Roughly same applies to that other major BioWare series: Mass Effect. In the games, there are a few themes of ‘space racism’: the Krogan were manip­u­lat­ed and brought to the brink of extinc­tion by the Salarians and the Turians; Quarians cre­at­ed and sub­se­quent­ly tried to erad­i­cate the (robot­ic and intel­li­gent) Geth; the Quarians them­selves are often treat­ed as vagabonds and scoundrels by other races due to their nomadic lifestyle; humans are dis­trust­ed by other races, and the feel­ing is most­ly mutu­al. What we do not see, how­ev­er, is humans of colour being dis­crim­i­nat­ed against by their fel­low humans. Apparently, the Alliance solved that prob­lem some­where in the next cen­tu­ry and a half. In short, the games offer up a scala of fic­tion­al ana­logues for real-world cases of racism and geno­cide, while simul­ta­ne­ous­ly acquit­ting ‘us’ (the human Alliance) from being impli­cat­ed in that racism.

An interracial protagonist couple is no problem in Fallout 4.

An inter­ra­cial pro­tag­o­nist cou­ple is no prob­lem in Fallout 4.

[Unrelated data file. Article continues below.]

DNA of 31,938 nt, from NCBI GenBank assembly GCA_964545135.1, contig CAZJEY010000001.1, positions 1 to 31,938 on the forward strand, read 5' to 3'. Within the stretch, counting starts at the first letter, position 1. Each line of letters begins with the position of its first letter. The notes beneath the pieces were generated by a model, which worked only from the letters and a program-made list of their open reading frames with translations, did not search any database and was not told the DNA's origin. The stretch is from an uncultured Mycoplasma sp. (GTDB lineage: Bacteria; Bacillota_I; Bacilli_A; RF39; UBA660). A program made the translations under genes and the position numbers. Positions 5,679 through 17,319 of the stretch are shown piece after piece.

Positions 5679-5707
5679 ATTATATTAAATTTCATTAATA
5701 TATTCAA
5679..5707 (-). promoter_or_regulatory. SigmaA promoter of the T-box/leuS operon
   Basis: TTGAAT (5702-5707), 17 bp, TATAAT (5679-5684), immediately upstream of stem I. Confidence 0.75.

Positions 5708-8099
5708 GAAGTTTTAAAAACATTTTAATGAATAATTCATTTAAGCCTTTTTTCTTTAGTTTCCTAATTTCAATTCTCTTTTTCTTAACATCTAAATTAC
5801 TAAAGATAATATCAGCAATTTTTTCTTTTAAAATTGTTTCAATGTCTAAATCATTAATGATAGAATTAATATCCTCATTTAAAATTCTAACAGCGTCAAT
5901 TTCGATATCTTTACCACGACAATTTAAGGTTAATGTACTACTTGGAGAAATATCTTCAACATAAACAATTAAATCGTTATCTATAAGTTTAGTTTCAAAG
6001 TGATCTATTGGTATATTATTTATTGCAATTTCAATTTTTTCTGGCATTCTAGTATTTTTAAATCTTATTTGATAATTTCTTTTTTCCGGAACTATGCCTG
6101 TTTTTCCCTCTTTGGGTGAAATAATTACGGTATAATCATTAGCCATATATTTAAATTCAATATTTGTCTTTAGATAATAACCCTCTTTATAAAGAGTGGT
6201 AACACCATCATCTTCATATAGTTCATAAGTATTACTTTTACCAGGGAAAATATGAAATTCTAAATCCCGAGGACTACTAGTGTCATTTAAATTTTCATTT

The final exam­ple that I wish to draw upon right now is Fallout 4. The game has a strong under­ly­ing theme of racism and sup­pres­sion of syn­thet­ic humans, com­plete with motifs of slav­ery and an under­ground rail­road ded­i­cat­ed to help­ing escaped synths and smug­gling them to safer areas. What the game does not have, as point­ed out by Yussef Cole here, is any inter­ac­tion with the very real racism of 1950s America, the peri­od that is so cen­tral to the Fallout series’ retro­fu­tur­ist aes­thet­ic. The pro­tag­o­nist of the game is a mar­ried woman or man, and that cou­ple is free to be inter­ra­cial — in that case, their son Shaun will be of mixed race. None of this is com­ment­ed on in the game, while in the 50s, such a thing would not be white pick­et fence mate­r­i­al.